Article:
Regular readers will know that I am an Ivona fan. In Node-Red I use the free Ivona service to provide high quality speech for my Raspberry Pi in Node-Red at the heart of my home control setup. Well, Ivona is now defunct. Amazon Polly is a replacement.
I’ll clarify that, Ivona is SOON to become defunct and you can’t create new accounts. The Amazon Polly system, is for most purposes a replacement for Ivona.
So – if you go to the Ivona site – you will see the reference to Amazon on the front page. The short, sharp answer is: Polly works, it is effectively free and it is as good as or better than Ivona. Read on.
So the Amazon system “Polly” works via an account. I have an Amazon Developer account and when I tried to add Polly – it said I didn’t have the right permissions – so – I added user Pete to my account and made him part of the Polly group – and that didn’t work either – then I noted something about payment and realised I’d not put any payment details in – I did that – and all of a sudden the thing came to life and I got the only things I needed – my user ID and secret password.
DON’T PANIC about payment – there is a free tier of up to (wait for it) 5 million characters per month for the first 12 months then $4 per million characters – by which point you probably won’t need any – read on) – for my purposes there is not a hope in hell I’ll ever reach the free limit. In addition - the way I use it is the way they seem to want you to – download a phrase as a file (MP3) and save it with a meaningful file name. Next time you want that phrase – check to see if the file already exists – if so, play it, if not, get a new file from Amazon. In a typical use case that I might have, once the messages are used once there is very little chance of me needing to download anything and hence NO chance of incurring charges at least in the first year.
There are no doubt more elegant ways to do this than calling a command line from Node-Red and sometime someone will write a node to do it – might even be me – but right now this works perfectly and as far as I know it is the only published solution for Node-Red and Polly. If I’m wrong please do tell.
I’m assuming you have your credentials – don’t worry about location – they don’t have a location for England but all it means is to tell the code which server to use. Ireland works for me and it is working from here in Spain.
You need to grab the command line code – I used this on a Pi2.
sudo pip install awscli
Once that was in I used:
to set up the user ID, secret key and location which I’d already set up on the Amazon site.
That done I tried this:
aws polly synthesize-speech --output-format mp3 --voice-id Amy --text "Hello my name is peter." peter.mp3
The resulting file was sitting in the /home/pi directory – this used the voice Amy (British female) to store a phrase into peter.mp3. Good for testing but as you’ll see the final solution is much better.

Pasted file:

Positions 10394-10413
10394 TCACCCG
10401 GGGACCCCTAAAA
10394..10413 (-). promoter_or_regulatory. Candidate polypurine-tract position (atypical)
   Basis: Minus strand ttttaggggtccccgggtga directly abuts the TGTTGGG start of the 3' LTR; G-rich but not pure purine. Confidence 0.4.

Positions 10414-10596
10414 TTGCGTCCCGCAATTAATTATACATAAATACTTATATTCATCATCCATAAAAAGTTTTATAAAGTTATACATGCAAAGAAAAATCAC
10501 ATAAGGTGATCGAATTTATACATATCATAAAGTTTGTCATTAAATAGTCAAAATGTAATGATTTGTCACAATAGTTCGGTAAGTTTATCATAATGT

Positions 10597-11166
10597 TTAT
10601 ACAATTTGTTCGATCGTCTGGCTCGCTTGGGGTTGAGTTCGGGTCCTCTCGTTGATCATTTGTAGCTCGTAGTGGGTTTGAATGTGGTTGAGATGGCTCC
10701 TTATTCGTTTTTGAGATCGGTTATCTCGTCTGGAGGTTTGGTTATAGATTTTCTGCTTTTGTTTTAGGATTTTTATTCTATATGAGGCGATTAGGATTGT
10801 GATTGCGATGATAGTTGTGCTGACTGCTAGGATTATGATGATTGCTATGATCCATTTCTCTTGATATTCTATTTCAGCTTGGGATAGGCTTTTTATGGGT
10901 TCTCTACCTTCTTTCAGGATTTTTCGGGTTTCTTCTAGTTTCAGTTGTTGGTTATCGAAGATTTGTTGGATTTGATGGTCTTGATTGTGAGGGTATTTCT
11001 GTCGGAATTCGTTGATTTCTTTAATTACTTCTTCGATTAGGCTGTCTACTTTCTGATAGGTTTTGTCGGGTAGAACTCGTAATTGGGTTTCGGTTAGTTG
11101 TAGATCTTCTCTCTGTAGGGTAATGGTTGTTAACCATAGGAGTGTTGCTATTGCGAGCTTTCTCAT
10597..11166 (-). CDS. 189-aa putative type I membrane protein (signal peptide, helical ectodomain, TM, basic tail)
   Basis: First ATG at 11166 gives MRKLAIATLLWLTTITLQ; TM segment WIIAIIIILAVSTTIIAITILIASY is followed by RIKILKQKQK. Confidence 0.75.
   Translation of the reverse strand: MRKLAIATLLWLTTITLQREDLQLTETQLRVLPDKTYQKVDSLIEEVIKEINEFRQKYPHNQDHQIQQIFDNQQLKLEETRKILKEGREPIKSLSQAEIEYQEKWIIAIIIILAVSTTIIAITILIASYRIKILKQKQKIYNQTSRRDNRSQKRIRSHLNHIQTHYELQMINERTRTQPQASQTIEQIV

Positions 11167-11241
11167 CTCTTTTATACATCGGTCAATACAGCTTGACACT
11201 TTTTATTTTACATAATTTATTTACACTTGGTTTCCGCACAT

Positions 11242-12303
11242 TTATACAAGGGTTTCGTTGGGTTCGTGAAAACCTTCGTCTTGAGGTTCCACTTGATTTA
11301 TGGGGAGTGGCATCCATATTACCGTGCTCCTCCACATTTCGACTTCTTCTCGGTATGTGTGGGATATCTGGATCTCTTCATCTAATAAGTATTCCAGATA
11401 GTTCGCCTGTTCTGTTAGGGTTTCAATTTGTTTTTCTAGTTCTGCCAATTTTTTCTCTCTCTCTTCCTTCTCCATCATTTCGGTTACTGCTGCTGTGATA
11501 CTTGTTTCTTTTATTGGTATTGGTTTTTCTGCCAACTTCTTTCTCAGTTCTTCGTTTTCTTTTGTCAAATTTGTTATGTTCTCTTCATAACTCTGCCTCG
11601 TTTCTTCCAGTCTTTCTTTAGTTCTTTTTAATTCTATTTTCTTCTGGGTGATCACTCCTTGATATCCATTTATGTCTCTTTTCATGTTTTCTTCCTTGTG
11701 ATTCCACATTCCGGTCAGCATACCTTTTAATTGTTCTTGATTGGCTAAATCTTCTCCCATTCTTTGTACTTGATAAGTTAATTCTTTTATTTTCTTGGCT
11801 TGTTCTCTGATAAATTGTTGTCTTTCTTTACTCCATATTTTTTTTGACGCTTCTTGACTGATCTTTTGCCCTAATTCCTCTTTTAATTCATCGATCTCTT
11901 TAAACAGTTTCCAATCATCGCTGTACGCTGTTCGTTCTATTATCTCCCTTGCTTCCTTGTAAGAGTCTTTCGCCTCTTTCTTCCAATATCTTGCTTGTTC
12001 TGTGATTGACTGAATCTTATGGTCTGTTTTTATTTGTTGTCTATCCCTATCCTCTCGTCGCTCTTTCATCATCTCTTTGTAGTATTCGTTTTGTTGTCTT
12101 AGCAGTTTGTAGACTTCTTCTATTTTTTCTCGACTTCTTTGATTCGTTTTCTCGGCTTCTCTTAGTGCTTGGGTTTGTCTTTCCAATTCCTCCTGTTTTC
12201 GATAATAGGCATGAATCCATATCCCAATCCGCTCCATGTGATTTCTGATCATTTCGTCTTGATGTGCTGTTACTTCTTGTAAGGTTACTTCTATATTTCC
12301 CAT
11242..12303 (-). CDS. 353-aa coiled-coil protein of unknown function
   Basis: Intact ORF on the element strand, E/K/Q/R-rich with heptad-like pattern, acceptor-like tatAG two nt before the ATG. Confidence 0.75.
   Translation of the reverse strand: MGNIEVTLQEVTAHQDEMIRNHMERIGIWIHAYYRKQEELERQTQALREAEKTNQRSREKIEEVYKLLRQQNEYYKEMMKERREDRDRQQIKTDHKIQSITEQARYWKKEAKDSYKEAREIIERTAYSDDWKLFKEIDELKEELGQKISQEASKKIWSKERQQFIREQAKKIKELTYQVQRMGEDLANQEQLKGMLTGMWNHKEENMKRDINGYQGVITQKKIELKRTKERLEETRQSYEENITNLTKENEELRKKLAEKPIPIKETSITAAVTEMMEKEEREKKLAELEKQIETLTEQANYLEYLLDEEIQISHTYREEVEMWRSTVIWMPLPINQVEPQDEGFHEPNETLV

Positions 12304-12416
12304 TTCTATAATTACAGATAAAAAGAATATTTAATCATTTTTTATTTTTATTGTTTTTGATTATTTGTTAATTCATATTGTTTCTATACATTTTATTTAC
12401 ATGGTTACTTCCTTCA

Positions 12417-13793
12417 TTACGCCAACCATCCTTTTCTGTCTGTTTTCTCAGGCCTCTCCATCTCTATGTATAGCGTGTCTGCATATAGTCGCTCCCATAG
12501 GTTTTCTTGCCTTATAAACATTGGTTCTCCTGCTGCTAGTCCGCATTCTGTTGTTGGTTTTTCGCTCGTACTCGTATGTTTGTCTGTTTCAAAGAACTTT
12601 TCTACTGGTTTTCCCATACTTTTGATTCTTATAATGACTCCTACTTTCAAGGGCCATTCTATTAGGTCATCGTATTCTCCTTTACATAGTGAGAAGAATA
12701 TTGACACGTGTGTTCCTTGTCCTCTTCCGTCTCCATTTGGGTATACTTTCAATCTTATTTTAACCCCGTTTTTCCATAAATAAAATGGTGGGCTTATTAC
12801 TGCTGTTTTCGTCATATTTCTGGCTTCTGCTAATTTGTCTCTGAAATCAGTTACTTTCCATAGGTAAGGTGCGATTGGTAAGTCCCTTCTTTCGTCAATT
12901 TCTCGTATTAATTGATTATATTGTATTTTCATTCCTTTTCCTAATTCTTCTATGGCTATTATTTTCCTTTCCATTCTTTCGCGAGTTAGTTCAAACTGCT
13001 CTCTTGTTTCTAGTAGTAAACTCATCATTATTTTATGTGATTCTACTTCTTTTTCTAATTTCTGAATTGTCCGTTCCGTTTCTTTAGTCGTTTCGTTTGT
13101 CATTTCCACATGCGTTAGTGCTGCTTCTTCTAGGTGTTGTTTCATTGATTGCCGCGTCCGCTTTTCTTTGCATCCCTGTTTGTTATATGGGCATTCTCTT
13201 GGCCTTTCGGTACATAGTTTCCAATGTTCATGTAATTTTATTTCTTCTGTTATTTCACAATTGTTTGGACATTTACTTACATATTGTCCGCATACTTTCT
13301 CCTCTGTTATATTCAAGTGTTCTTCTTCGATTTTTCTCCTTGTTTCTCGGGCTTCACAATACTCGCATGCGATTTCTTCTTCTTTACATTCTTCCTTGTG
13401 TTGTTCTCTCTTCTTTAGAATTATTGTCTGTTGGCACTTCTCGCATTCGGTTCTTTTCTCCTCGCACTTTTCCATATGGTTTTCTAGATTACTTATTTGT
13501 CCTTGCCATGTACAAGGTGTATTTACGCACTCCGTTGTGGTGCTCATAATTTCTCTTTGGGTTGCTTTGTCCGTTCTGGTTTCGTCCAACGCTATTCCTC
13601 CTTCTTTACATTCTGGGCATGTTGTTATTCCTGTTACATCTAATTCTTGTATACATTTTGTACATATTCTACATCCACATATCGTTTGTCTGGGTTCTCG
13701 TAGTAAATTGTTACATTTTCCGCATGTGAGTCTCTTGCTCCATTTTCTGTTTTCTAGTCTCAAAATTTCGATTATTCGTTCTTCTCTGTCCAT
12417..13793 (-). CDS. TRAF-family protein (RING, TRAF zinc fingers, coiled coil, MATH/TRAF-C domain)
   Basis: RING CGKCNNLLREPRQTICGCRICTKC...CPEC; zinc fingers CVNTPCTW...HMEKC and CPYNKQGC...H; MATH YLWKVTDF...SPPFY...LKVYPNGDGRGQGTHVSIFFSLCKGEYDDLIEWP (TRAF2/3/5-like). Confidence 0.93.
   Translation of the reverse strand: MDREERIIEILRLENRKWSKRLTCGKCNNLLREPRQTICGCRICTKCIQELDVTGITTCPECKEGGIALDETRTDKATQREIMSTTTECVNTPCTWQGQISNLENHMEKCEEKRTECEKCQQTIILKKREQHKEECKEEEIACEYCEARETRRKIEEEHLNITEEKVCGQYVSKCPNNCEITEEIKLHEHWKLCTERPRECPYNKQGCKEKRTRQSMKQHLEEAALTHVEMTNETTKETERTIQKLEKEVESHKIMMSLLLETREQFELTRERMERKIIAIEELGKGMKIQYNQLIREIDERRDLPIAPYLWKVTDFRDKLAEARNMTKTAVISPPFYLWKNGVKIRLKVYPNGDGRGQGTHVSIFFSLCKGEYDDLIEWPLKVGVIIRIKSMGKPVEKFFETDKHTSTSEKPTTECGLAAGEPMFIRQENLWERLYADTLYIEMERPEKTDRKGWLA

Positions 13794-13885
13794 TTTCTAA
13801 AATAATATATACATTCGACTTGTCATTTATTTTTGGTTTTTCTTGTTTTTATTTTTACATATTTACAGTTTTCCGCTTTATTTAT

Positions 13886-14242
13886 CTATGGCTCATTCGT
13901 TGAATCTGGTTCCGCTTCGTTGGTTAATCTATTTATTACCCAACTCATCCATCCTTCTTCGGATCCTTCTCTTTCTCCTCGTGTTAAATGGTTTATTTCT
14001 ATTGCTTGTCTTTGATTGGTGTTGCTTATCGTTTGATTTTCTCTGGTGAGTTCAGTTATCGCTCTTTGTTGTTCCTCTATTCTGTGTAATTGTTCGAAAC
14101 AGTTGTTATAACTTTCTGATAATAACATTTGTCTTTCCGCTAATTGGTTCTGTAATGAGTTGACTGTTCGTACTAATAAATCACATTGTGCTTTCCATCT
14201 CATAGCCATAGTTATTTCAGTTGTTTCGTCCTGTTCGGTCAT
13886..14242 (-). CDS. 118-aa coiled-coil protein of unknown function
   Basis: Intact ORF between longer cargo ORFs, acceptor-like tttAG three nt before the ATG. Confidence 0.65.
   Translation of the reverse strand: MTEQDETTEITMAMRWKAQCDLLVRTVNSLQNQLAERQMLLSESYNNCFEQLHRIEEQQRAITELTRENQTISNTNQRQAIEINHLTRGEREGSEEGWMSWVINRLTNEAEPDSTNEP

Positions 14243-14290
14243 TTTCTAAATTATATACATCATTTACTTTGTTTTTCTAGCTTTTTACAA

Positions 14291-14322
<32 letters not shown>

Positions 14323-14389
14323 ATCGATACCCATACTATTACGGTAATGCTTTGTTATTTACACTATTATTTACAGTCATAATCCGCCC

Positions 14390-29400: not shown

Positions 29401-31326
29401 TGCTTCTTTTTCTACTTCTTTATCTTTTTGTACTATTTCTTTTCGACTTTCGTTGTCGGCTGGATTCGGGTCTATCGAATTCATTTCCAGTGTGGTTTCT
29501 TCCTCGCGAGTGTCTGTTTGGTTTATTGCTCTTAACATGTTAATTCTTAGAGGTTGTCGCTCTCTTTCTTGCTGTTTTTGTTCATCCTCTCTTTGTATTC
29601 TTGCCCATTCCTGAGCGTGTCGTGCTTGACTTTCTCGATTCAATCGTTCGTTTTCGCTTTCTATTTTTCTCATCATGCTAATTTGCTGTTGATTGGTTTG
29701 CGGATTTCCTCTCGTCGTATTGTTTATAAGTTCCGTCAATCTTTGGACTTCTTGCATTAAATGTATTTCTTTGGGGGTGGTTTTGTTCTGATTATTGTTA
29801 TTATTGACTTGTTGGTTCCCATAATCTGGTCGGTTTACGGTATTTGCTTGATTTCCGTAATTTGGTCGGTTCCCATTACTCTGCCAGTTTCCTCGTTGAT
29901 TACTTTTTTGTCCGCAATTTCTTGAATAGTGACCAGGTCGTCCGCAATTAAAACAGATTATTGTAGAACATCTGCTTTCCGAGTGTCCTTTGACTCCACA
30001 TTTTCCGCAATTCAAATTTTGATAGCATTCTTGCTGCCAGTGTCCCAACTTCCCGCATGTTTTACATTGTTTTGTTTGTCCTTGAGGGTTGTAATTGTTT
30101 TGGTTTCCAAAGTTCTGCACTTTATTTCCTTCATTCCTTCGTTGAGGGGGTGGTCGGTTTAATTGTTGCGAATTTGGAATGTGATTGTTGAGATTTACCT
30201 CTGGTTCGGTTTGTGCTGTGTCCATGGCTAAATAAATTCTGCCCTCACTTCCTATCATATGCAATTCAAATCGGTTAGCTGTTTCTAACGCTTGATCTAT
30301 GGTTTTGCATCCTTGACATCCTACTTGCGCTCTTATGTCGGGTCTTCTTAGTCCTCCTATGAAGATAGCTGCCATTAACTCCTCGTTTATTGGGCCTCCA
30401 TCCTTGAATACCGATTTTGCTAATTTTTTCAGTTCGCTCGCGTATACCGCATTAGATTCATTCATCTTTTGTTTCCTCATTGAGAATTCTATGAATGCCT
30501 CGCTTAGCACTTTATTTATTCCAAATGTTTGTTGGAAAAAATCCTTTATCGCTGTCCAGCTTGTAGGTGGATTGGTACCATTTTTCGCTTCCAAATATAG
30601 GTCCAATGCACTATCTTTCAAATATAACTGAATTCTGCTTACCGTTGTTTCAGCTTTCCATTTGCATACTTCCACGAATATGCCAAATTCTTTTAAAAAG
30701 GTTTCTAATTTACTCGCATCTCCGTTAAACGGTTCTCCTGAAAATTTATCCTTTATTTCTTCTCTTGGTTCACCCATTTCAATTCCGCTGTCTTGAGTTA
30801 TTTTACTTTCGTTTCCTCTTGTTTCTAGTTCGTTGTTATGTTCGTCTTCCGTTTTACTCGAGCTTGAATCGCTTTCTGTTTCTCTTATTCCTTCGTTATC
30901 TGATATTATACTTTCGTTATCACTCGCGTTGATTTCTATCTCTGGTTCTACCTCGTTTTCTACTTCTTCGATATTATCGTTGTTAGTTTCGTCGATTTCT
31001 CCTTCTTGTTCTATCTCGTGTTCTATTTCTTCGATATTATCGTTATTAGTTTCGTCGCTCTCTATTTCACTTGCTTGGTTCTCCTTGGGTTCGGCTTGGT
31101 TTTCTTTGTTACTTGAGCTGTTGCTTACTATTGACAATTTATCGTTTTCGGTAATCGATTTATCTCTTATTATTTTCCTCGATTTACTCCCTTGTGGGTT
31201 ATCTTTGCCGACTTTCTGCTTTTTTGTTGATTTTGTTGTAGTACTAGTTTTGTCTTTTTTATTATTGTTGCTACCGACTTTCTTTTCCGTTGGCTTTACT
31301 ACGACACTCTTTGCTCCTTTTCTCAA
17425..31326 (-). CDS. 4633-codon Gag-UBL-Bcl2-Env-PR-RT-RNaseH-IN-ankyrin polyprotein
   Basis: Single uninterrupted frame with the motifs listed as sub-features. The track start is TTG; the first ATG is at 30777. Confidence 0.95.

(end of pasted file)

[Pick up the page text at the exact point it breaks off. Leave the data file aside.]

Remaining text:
The rest is about queuing messages, storing them with meaningful names, playing them back and making sure you don’t re-record a phrase you have already recorded. If you don’t like Amy – use another voice. If you want different voices for different phrases then you could incorporate the name into the filename (I’ll leave that to the reader). If you want to add sound effects – just put .MP3 files in the relevant folder with your sound effects and call them by name.
Looking at the above diagram, a test inject passes what you want Polly to say in the payload.
The first function looks to see if the payload has something in it and if so it pushes that onto a stack. The code then looks to see if speech is busy – if not and if there is something on the stack, it checks – if it is an mp3 file it sends the file to the MP3 player. If it is not an mp3, it looks to see if you’ve already created an mp3 for that speech, if so it plays that file, otherwise it passes the message onto Amazon to create the file – which is then played back.
It would have been nice to process new speech while playing something else back but that would get more complicated, involving more flags. As it stands this is easy to understand. You can fire in more speech or .MP3 files while one is playing and they will simply be queued.
You clearly need your Amazon account setup and Node-Red for this – you also need MPG123 player. Both Node-Red and MPG123 are in my standard script.
Here is the code I used in each of those functions…. the MPG123 exec node simply has mpg123 for the command and the append payload ticked. The AWS exec node has aws for the command and the append payload ticked.
Here is the code for the three yellow function nodes:
That was version 1. But ultimately I wanted new speech to be processed by Amazon WHILE a previously recorded item was playing (assuming a previously recorded item was playing and the next item had to be created).
Several hours later I came up with this – it appears to work!
and here is the latest code – probably not QUITE as straightforward to read – but when you run it – indicators on the EXEC functions (brown) show clearly that the software is able to play a recorded message while fetching a new one. Could do with some extreme testing.
and here, the two small function nodes